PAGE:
• does not present evidence that the controlling shareholders' conduct may be considered criminal;
  • provides a detailed list of all credits and creditors, specifying figures and the nature of each;
  • presents a detailed list of all assets of the company, specifying any burdens or limitations; and
  • presents a detailed timetable for payment of creditors within two years, which SUSEP may extend once.

The International Monetary Fund Country Report 12/334 of December 2012 – which sets out a detailed assessment of observance of International Association of Insurance Supervisors insurance core principles – states as follows:

"Insurers [in Brazil] are generally not subject to the ordinary rules of bankruptcy and may not apply for court-approved arrangements with their creditors… High legal priority is given to the protection of the rights and entitlements of policyholders only after liquidator fees, owned tax and salaries within certain limits, and credits with collaterals… The regulation does not provide for incentives to accelerate the winding up process. Further, a liquidator does not have the power to enter into agreements with creditors. This has led to situations where the liquidation can last for several years. The oldest still on-going liquidation is over 30 years old. There have been few insolvencies within the Brazilian insurance sector."

What have been the practical experiences of those arrangements to date?

Below is a summary of SUSEP's online records of companies that have been submitted to special regimes related to insolvency.(2)

Click here to view table.

To what extent can PPFs encourage and enable underpricing of coverage (and even fraud) by insurance company executives, and what can be done to revise executive compensation rules to combat this?

It is difficult to foresee whether PPFs would encourage or enable underpricing of coverage by executives. This is because PPFs do not exist in Brazil and because the reality of the Brazilian market in terms of executive compensation is significantly different from that of the United States. For example, most insurance companies are not listed on the stock exchange and the few that are listed usually have a defined controlling shareholder, which also changes the perspective in terms of corporate governance. Nevertheless, in general, executive compensation should always create incentives for the long-term creation of value in order to minimise pressure or short-term underpricing of coverage.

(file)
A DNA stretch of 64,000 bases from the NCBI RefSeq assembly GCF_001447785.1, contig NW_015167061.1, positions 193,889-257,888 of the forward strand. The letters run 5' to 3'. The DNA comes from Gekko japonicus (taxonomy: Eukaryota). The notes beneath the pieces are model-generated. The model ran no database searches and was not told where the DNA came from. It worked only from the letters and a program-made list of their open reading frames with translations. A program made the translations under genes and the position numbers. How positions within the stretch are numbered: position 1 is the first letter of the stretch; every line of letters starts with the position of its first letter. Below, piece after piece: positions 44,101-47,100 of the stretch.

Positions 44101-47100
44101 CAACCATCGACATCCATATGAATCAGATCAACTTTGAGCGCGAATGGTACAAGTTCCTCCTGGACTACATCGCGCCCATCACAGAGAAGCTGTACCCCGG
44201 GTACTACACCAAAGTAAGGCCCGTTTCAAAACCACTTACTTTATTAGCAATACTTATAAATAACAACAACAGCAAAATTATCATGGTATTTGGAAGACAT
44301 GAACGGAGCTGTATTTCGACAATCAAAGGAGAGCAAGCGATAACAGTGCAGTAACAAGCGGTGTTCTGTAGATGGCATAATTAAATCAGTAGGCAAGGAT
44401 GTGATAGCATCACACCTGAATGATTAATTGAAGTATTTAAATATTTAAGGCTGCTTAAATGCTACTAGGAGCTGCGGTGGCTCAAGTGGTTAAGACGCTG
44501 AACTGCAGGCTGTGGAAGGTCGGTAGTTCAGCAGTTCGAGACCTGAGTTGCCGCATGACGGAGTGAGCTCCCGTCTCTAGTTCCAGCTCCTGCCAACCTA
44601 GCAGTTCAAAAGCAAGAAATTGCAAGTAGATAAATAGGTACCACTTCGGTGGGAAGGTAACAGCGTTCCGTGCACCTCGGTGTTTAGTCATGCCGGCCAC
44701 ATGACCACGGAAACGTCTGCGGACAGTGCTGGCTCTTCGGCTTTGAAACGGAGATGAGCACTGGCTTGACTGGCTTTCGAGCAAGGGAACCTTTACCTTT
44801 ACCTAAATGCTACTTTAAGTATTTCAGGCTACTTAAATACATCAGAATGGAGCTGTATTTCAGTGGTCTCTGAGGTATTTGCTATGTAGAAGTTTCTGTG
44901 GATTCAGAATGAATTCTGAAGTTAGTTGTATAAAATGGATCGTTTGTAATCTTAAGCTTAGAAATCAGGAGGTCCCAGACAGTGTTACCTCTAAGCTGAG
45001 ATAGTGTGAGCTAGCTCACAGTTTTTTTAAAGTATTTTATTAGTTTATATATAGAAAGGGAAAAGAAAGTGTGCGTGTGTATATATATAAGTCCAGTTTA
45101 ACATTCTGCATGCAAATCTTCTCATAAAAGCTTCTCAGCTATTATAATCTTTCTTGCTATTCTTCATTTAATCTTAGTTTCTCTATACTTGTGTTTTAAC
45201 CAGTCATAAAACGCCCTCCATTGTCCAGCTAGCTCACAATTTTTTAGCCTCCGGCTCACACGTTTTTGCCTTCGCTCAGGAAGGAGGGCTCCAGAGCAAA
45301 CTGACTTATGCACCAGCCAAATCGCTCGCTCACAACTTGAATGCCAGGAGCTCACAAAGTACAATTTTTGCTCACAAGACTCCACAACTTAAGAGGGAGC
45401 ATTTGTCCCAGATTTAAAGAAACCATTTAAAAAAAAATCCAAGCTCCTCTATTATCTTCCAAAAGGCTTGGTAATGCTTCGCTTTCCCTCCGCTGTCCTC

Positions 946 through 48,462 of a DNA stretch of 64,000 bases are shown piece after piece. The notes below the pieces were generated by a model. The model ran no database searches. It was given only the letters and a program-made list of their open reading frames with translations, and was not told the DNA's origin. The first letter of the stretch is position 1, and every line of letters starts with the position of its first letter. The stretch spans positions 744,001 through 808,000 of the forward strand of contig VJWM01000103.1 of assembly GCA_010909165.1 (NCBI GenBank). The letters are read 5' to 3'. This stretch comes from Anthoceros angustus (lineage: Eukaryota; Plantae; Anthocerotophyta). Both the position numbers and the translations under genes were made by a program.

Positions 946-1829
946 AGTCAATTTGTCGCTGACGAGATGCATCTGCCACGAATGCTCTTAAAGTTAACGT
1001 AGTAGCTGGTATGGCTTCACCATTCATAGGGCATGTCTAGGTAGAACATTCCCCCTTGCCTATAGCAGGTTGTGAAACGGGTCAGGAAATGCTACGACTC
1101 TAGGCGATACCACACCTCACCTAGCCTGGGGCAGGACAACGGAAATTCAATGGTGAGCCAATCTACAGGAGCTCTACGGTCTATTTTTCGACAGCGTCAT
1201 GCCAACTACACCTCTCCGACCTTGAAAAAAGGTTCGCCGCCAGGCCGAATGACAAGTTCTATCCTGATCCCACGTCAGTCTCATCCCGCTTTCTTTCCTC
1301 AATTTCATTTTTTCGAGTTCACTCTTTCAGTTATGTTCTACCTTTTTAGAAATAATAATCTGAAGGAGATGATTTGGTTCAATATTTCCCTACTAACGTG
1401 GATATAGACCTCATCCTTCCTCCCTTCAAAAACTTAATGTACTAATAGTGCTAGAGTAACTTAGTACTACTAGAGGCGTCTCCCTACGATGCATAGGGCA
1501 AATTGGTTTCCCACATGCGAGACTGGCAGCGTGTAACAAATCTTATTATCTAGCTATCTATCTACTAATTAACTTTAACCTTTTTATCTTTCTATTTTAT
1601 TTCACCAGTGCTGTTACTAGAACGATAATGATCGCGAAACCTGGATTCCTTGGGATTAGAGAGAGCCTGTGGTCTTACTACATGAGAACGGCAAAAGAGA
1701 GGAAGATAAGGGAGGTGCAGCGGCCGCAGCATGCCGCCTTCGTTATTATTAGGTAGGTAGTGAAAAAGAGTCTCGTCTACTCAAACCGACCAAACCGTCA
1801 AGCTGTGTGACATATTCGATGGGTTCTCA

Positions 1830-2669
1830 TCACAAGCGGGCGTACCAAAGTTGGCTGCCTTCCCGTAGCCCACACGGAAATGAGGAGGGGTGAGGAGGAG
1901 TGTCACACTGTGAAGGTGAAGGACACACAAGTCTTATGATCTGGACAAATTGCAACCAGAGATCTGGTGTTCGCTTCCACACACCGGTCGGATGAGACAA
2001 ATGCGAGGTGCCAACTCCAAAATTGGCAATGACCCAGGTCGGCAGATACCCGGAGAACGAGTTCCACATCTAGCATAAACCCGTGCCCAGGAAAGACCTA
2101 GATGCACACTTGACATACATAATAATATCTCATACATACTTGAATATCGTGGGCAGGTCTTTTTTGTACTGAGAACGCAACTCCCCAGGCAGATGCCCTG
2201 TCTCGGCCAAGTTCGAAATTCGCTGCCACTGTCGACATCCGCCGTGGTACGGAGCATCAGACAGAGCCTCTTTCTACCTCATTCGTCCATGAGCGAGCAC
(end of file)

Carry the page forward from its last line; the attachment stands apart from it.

In addition, the regulations for premium and contribution collection have been steadily increasing,(3) and regulators have enacted several rules regarding premium mark-ups and methods of calculation regarding provisions and prices in technical actuarial notes, going as far as calculating the premiums that should be charged by insurance companies under certain classes of insurance which are of public importance (eg, personal injuries caused by land-based automotive vehicles insurance). Therefore, it is not easy to assess whether the adoption of rules regarding PPFs would have an effect, considering the regulatory framework in place.

What role does the insurance regulator play in this framework? Can the regulator be held liable for failing to protect the insureds in the event of an insurer being declared insolvent?

Pursuant to Decree-Law 73/1966, CNSP enacts regulations governing the insurance sector and SUSEP enforces CNSP's rules and oversees the insurance market. They are both subordinated to the Ministry of Finance. SUSEP and CNSP are active and focus heavily on consumer protection. Aggrieved consumers typically bring complaints against insurance companies to SUSEP or consumer protection agencies, which usually result in penalties applied by SUSEP against the insurance company.

Although possible in principle, if there is evidence of a lack of regulatory oversight, it is extremely rare that a government entity such as SUSEP would be sued and held liable to indemnify the market for a regulatory issue such as insolvency.

For further information on this topic please contact Marta Viegas or Juliana Mattar at TozziniFreire Advogados by telephone (+55 11 50 86 50 00) or email ( or The TozziniFreire Advogados website can be accessed at


(1) 'Risk capital' is defined as "variable capital the supervised entity must maintain, at any time, to ensure the risks inherent to its operation".

(2) See

(3) See